Jazz musician Horace Silver, a composer known for pioneering hard bop, has died, National Public Radio said on Wednesday. He was 85.
Silver, a native of Norwalk, Connecticut, was shaped by the Portuguese influence in the islands of Cape Verde, from where his family emigrated to the United States.
Alongside playing with noted jazz musicians such as bassist Oscar Pettiford and drummer Art Blakey, Silver, who played piano and saxophone, recorded exclusively for Blue Note Records over three decades before founding his own label, Silveto Records.
Silver composed music featuring percussive, hard-driving beats that was inspired by his philosophy of holistic self-help, jazz critic Leonard Feather wrote in his "Encyclopedia of Jazz."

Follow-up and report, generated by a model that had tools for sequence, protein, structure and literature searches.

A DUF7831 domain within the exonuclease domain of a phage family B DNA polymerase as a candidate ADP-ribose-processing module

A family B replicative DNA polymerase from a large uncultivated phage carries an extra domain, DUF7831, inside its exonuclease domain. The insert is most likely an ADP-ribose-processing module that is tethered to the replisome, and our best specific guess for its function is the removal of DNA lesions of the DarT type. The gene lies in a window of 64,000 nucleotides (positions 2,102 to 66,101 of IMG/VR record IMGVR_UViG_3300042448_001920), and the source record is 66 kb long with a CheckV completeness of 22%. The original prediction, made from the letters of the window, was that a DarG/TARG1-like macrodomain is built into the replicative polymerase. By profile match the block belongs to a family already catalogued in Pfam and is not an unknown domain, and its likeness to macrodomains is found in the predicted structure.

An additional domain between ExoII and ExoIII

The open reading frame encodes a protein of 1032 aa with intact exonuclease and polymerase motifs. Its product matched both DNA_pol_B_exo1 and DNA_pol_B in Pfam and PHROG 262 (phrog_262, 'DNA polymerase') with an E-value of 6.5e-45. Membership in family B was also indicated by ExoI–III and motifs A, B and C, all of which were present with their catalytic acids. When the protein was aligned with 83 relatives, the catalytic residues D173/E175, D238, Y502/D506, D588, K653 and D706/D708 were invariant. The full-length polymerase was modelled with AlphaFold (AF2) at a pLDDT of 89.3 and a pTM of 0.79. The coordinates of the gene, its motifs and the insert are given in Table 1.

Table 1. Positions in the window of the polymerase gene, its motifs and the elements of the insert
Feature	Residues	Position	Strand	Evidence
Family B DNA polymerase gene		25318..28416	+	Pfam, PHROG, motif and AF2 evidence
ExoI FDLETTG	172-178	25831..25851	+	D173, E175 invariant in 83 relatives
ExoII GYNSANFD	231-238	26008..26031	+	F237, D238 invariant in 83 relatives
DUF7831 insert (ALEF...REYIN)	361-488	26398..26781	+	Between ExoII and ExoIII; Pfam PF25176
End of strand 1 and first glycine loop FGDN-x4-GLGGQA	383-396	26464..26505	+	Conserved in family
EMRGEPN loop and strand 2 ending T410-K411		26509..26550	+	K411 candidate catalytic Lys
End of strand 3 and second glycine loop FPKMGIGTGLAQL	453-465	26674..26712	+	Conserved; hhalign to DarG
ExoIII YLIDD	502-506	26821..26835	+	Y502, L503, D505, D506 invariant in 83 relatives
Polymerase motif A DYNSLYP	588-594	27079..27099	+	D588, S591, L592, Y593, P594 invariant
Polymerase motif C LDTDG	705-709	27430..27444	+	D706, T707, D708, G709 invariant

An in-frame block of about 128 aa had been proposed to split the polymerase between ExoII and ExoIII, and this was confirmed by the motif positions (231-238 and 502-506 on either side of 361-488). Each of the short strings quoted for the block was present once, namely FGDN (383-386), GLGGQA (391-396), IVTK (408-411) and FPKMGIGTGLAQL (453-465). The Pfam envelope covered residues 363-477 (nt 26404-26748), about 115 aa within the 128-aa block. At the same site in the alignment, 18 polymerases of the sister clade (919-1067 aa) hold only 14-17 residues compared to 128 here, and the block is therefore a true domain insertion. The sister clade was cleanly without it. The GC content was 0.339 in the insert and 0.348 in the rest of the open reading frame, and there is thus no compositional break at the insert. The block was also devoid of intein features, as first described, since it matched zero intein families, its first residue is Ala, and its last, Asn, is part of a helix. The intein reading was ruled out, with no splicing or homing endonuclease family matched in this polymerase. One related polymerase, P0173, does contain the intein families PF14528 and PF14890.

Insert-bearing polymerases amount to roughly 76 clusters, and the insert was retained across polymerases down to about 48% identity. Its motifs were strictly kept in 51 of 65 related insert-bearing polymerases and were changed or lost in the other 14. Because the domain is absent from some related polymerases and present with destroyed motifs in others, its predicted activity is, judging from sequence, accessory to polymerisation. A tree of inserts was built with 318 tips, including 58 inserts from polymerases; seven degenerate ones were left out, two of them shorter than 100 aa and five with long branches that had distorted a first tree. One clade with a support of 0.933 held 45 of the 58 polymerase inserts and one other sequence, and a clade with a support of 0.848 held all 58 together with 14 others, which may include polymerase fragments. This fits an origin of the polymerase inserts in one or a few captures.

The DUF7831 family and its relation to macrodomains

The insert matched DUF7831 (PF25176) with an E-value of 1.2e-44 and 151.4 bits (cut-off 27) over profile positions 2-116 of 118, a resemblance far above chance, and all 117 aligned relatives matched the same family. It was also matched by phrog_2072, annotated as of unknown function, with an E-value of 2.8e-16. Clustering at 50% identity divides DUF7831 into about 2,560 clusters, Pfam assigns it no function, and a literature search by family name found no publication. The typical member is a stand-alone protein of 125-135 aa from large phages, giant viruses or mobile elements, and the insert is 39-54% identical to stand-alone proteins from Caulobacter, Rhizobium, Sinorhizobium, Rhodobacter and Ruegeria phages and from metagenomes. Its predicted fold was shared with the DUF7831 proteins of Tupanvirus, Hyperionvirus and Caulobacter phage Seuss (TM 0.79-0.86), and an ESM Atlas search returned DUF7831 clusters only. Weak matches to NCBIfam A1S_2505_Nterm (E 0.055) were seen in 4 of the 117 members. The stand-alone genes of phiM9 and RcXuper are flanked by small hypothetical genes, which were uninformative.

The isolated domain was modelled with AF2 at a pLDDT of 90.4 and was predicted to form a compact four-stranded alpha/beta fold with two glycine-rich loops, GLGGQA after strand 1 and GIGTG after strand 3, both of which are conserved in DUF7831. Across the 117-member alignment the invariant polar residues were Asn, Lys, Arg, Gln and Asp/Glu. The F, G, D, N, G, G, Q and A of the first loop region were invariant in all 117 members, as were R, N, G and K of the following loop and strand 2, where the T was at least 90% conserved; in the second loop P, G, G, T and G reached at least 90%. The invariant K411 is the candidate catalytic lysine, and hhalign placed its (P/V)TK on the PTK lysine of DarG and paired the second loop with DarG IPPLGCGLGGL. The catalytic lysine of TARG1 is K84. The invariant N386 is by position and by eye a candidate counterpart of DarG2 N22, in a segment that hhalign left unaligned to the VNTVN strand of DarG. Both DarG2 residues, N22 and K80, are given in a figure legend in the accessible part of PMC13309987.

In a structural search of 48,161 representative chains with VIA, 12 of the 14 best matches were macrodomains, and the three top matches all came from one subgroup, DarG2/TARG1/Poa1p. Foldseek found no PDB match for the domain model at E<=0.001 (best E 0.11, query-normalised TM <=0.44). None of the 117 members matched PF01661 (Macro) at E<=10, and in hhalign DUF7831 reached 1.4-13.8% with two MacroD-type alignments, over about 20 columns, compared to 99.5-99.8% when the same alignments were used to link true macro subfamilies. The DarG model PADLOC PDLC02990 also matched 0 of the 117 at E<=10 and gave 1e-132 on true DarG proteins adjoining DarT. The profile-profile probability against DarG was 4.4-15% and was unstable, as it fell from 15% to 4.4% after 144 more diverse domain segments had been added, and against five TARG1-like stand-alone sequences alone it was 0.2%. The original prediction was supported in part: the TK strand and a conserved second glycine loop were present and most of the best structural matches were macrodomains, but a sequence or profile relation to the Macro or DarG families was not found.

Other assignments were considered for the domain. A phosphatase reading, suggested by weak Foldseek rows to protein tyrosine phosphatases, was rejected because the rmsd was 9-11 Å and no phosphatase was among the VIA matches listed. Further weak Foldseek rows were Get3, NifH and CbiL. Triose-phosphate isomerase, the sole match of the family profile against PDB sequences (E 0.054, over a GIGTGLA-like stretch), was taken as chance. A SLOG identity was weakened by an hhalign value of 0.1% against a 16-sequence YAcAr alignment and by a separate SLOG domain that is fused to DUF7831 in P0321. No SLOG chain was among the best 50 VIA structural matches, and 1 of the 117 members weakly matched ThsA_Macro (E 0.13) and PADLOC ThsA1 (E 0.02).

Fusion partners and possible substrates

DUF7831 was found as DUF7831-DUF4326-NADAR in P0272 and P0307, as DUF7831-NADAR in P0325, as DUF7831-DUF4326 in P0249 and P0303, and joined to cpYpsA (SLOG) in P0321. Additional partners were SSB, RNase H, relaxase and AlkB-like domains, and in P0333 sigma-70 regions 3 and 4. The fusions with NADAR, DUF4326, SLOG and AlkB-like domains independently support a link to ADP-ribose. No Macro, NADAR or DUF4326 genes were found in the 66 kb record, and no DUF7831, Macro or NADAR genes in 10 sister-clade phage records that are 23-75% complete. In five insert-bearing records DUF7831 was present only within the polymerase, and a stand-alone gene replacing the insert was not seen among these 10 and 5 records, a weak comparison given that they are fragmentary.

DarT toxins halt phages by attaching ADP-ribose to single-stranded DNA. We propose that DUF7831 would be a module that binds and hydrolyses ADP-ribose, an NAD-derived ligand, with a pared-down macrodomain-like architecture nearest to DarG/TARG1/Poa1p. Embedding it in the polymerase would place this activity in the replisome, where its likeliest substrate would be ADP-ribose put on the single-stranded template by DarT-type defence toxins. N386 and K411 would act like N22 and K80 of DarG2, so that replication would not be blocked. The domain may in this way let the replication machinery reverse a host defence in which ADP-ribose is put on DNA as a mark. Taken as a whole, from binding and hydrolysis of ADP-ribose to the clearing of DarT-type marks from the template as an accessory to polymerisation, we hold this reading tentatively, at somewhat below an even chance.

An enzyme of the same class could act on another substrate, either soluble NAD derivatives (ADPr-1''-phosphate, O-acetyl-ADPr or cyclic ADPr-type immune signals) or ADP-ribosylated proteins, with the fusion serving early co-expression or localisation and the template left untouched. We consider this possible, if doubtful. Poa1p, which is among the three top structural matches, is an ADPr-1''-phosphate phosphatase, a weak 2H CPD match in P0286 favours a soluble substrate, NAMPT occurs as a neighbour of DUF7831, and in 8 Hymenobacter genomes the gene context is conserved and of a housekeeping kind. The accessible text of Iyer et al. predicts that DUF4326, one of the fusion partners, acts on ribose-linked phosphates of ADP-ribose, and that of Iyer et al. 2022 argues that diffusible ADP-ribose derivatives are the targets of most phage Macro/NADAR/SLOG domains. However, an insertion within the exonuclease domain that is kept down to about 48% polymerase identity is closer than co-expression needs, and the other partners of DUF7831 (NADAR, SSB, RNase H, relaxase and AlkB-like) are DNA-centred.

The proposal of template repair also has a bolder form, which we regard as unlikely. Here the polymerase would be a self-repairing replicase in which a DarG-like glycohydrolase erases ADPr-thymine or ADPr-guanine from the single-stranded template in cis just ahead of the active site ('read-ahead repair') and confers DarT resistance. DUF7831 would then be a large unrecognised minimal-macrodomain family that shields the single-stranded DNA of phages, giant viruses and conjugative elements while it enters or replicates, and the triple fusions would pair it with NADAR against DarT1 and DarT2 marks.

His most notable works include "Song For My Father," inspired by Cape Verdean folk music and gospel-driven "The Preacher." His work also appeared on a number of Miles Davis' albums, including 1954's "Walkin'."
NPR said Silver's son Gregory had called it directly with the news of his death. Attempts to reach Silver's family were unsuccessful.
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